01925 937070 
info@dsmlegal.co.uk 
 
 
The Intestacy Rules apply in situations where there is no Will. The rules are very complex and will dictate who will inherit the estate and how much they will inherit. Unfortunately, by not having a Will you risk your estate being distributed in a way that does not accord with your wishes. 
Many married couples or civil partners assume that if they die their spouse/civil partner will inherit their entire estate, however this may not always be the case. Your spouse/civil partner will inherit some of your estate under the Intestacy Rules (the statutory legacy) but may not, depending on the size of the estate, inherit all of it. 
 
The situation is worse with couples who are not married or who are not civil partners, as they may not inherit anything at all. Cohabitees or ‘common law spouses’ have no automatic right to inherit their deceased partner’s estate and unless there are children the entire estate will be distributed amongst other relatives in a particular order. 
You may already have a Will, but it should be reviewed every 3 – 5 years as divorce, marriage or other major life events can revoke or have the effect of altering the Will. 
 
How much does a Will cost? 
 
Our fees for a basic single Will are £180.00 plus VAT. 
 
Fees for mirror Wills (i.e. Wills where the terms are identical) are £235.00 + VAT. 
 
Will a basic Will be suitable? 
 
In some cases, for example, if spouses are leaving their entire estate to each other and then the children equally, a basic Will may be suitable. However, if there is a second marriage and perhaps step-children we would not recommend a basic Will. In such cases care must be taken to protect the interests of your children from a previous relationship, as if you predecease your spouse or civil partner, your children could lose their inheritance. 
 
You may also wish to consider additional matters, such as appointing a guardian for your children if they are under 18 years old. In that case you will also need two trustees (who can be the same people as the executors). 
 
You may wish to leave money or items to certain persons, or you may wish to express your funeral wishes in your Will. 
 
Whatever your wishes, we can tailor your Will to suit your circumstances and will be able to advise on the exact costs once we know what your requirements and preferences are. 
 
What about Inheritance Tax? (IHT) 
 
There are tax allowances for married couples/civil partners which will not apply to cohabitees or common law couples. If care is not taken to minimise IHT then the entire estate could be subject to Inheritance Tax of 40%. 
 
Can my Will be drafted to minimise the risk of Care Home Fees? 
 
There are ways in which the risk of having to sell your home to pay for care home fees can be minimised but, although these type of Wills are heavily promoted by some, there are risks involved (as well as extra costs involved). In addition, a Local Authority can ignore such arrangements if they are seen as a deprivation of assets.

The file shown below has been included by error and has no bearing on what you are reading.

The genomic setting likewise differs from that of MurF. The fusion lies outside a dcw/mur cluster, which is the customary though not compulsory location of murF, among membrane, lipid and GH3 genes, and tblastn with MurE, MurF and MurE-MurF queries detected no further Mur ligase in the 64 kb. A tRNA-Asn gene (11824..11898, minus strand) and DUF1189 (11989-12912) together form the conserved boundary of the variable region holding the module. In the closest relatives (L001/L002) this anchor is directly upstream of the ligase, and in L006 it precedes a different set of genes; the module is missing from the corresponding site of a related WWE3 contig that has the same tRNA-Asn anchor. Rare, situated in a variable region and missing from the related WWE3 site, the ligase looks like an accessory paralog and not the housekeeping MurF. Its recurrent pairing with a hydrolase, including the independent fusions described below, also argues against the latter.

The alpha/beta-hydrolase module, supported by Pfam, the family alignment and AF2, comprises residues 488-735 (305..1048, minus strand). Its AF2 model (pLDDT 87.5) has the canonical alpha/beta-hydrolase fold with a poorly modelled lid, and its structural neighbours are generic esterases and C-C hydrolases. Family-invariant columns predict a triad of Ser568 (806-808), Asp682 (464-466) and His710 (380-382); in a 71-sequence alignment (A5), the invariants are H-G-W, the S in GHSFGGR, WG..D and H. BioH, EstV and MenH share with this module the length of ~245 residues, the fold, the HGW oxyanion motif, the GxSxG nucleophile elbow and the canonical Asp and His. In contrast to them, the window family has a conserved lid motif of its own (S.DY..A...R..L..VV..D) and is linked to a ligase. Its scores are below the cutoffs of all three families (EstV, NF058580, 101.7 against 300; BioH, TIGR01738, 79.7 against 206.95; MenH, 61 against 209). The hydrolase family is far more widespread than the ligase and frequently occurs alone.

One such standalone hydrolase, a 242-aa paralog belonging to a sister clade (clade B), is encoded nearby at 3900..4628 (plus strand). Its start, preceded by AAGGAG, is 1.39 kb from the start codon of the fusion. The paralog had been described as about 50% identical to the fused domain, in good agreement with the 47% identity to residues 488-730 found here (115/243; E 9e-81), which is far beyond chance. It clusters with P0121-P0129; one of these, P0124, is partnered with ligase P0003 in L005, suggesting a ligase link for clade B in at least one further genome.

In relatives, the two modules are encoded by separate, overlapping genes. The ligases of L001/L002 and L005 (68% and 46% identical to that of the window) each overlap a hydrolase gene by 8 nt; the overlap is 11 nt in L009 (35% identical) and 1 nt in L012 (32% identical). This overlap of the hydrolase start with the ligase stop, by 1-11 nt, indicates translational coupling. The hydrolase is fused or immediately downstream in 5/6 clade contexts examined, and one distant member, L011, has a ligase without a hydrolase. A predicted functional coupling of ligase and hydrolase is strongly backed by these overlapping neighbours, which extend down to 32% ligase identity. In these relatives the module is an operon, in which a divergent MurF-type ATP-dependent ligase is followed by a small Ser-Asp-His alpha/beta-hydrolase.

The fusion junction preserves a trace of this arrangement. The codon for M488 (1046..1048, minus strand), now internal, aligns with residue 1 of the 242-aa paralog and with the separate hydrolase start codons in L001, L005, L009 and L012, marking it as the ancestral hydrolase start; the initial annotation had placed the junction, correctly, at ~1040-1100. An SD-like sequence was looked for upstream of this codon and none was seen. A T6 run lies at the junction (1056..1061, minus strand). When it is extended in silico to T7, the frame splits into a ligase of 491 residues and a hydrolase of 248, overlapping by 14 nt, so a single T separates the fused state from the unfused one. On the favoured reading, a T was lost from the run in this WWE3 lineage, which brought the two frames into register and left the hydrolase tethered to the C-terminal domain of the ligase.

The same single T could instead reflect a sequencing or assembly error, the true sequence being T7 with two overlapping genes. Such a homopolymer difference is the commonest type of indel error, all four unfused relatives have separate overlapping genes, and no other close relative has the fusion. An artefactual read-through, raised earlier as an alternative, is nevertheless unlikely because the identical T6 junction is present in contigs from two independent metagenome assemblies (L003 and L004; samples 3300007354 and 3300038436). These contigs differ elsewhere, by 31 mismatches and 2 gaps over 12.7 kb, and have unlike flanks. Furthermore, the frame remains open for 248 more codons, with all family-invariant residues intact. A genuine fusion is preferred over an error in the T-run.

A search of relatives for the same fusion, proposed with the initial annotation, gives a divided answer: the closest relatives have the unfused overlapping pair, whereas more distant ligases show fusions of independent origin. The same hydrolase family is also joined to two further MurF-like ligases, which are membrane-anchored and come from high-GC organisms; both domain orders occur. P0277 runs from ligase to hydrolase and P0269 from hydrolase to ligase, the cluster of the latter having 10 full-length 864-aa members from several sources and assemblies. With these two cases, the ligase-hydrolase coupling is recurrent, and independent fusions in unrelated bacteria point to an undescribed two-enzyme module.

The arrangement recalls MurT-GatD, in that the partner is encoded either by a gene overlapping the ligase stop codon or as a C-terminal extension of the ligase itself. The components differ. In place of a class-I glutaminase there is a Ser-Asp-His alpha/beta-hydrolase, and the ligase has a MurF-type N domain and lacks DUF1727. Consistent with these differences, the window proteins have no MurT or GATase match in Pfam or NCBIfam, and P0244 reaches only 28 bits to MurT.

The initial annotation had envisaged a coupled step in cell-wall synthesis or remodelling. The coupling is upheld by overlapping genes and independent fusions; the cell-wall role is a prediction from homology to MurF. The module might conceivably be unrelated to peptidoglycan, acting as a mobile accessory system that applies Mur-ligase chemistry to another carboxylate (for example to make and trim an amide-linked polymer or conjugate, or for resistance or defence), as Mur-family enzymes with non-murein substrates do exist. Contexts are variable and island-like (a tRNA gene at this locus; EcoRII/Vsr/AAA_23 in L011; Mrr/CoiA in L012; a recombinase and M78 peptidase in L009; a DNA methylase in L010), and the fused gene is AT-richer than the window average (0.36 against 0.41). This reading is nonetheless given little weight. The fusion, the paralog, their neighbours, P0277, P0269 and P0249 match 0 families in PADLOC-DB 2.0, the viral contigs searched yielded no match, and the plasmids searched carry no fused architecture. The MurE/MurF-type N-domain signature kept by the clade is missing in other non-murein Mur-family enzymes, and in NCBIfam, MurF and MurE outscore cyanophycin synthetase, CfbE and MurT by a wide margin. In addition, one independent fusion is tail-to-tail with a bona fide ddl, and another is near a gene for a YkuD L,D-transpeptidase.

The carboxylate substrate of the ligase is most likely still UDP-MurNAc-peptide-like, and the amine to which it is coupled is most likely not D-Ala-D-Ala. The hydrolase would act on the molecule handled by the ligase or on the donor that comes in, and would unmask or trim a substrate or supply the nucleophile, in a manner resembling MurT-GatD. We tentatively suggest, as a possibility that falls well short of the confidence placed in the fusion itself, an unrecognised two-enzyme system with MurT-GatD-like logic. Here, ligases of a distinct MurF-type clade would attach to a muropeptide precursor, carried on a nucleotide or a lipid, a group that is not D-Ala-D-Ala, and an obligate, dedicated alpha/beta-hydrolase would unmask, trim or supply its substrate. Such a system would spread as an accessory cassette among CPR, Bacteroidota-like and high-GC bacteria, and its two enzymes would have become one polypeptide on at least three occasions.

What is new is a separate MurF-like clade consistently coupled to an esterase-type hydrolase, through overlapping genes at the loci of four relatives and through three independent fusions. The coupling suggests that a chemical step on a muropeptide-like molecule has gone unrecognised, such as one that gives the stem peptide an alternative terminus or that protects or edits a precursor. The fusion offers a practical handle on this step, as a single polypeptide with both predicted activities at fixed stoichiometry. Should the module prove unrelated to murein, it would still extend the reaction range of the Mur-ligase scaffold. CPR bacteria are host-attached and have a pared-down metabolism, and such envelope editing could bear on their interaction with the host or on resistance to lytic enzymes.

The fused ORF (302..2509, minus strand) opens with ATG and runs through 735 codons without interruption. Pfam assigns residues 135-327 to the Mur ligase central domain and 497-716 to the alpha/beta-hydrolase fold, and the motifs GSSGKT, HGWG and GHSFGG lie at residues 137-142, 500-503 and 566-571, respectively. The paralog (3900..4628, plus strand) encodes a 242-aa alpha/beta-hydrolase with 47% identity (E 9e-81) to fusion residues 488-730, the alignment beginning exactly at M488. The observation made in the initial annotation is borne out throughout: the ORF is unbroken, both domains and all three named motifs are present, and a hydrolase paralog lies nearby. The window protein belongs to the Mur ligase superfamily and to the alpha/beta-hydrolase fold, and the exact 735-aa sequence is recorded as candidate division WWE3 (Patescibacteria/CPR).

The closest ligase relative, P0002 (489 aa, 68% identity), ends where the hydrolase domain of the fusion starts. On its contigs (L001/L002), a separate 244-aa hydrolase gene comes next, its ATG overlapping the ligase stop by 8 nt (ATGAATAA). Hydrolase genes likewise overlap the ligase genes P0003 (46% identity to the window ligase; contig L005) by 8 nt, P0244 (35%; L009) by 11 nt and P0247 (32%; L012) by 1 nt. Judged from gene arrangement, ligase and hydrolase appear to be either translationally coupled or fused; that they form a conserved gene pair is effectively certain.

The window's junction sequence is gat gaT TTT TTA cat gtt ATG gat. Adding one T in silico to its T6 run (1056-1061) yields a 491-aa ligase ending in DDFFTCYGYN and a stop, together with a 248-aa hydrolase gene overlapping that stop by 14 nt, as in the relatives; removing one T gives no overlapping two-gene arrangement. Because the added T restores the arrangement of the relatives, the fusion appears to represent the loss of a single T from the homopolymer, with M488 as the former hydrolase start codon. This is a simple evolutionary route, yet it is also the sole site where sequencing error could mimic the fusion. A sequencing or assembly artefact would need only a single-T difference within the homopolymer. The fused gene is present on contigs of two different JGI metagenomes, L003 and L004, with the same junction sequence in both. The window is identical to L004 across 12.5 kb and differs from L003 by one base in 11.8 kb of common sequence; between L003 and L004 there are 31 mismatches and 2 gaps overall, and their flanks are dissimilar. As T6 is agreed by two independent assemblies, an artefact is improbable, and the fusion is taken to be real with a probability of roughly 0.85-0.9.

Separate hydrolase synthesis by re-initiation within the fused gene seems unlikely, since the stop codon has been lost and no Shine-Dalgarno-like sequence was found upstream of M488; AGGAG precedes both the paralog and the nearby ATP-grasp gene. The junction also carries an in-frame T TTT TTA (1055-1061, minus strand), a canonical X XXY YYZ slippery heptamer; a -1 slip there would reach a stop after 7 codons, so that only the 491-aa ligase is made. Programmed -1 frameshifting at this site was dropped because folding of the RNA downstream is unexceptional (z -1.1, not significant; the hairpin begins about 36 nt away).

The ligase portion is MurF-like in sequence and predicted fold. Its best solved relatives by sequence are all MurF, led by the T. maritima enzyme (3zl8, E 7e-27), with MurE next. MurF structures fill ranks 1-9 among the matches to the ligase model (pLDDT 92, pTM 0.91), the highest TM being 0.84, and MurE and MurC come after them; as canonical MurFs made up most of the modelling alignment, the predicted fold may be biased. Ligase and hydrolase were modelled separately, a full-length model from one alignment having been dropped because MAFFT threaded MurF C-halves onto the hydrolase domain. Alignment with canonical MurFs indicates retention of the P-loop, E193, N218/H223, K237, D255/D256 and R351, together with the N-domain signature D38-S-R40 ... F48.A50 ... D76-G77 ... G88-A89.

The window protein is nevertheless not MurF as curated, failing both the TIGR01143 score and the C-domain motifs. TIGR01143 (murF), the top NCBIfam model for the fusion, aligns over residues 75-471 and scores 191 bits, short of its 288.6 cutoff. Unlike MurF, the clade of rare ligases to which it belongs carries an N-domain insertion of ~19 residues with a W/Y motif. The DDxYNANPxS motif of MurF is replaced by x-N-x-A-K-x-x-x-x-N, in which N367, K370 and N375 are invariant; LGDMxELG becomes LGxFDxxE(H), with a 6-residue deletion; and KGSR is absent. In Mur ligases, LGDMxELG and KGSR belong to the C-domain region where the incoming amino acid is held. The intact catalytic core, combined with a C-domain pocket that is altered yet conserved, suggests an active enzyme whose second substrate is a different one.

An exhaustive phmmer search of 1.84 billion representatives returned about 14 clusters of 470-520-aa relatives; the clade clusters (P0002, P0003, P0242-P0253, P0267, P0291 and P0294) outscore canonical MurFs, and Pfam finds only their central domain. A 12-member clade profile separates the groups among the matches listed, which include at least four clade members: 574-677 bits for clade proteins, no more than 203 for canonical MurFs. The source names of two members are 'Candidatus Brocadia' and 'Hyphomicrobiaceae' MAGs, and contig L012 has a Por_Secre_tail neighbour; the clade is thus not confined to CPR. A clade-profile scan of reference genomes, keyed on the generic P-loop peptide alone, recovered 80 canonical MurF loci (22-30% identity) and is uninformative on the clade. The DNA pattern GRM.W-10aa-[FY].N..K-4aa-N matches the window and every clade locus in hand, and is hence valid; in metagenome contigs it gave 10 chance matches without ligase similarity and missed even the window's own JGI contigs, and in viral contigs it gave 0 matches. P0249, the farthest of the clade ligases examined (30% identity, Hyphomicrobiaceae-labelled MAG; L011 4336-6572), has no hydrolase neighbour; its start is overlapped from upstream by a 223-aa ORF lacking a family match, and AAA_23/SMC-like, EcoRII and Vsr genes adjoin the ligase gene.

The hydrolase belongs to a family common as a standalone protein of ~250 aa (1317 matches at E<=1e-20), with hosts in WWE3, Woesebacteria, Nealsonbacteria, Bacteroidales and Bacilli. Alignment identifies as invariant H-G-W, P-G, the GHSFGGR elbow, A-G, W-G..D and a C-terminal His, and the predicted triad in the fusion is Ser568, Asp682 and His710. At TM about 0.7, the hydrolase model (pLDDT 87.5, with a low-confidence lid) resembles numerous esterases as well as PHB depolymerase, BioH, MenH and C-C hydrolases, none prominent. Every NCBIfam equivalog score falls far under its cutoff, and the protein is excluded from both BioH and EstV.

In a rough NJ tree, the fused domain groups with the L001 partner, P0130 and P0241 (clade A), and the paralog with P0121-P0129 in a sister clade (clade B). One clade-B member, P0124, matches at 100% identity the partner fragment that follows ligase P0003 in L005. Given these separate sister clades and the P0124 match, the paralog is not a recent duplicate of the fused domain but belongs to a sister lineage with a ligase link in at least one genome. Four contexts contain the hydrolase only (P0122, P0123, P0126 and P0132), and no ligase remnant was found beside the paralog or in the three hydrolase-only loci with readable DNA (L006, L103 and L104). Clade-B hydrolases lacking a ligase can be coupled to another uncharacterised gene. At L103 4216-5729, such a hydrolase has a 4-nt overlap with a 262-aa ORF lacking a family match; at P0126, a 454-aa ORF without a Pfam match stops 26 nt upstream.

There are options you can take to minimise the risk or extent of the local authority’s claims, but you should take advice so that you are fully aware of the advantages and disadvantages of each option. 
 
Lasting Power of Attorney (LPA) 
 
Making a Will is one aspect of protecting you and your family after your death, however it is vitally important when making a Will to consider making an LPA at the same time in order to ensure that you and your family are not exposed to the risk of unnecessary expense, delay and inconvenience, not to mention upset and distress should you become unable to manage your affairs. 
 
More and more of us are living into our 80’s and beyond and it is not possible to know whether we will always have the mental capacity or the ability to manage our own affairs in the future. 
 
Dementia is a very real concern for many people and strikes indiscriminately and without warning. The danger with LPA’s is that you may leave it too late. You must have mental capacity at the time of entering into an LPA otherwise it will not be valid. 
 
With a Lasting Power of Attorney, you can appoint someone you trust – e.g. a trusted relative - to look after your financial affairs if you become incapable of doing so. This person is called an Attorney and they must always act in your best interests. You can appoint more than one Attorney if you wish, for example your children. 
 
There are two types of LPA’s. One is for financial and property affairs and the other is health and welfare. They can be taken out independently of each other, but it is best if you want both to do them at the same time. We offer a discount for both LPA’s taken out at the same time. 
 
Our fees are £350.00 + VAT for one LPA and £600.00 plus VAT for both. There is also a registration fee for the Office of the Public Guardian of £80.00 per LPA. This is a one-off payment. 
 
You can, of course, revoke your LPA in the future should you wish to do so, provided you still have mental capacity. 
 
We always recommend that you keep the original LPA yourself in a safe place and obtain a certified copy for your Attorney(s). We can provide copies at a cost of £35.00 each. 
 
Contact me to discuss making a Will or an LPA 
 
Email me at diane@dsmlegal.co.uk with your telephone number and the best time to call you, or telephone us on 01925 937070

 

 
 
 
 
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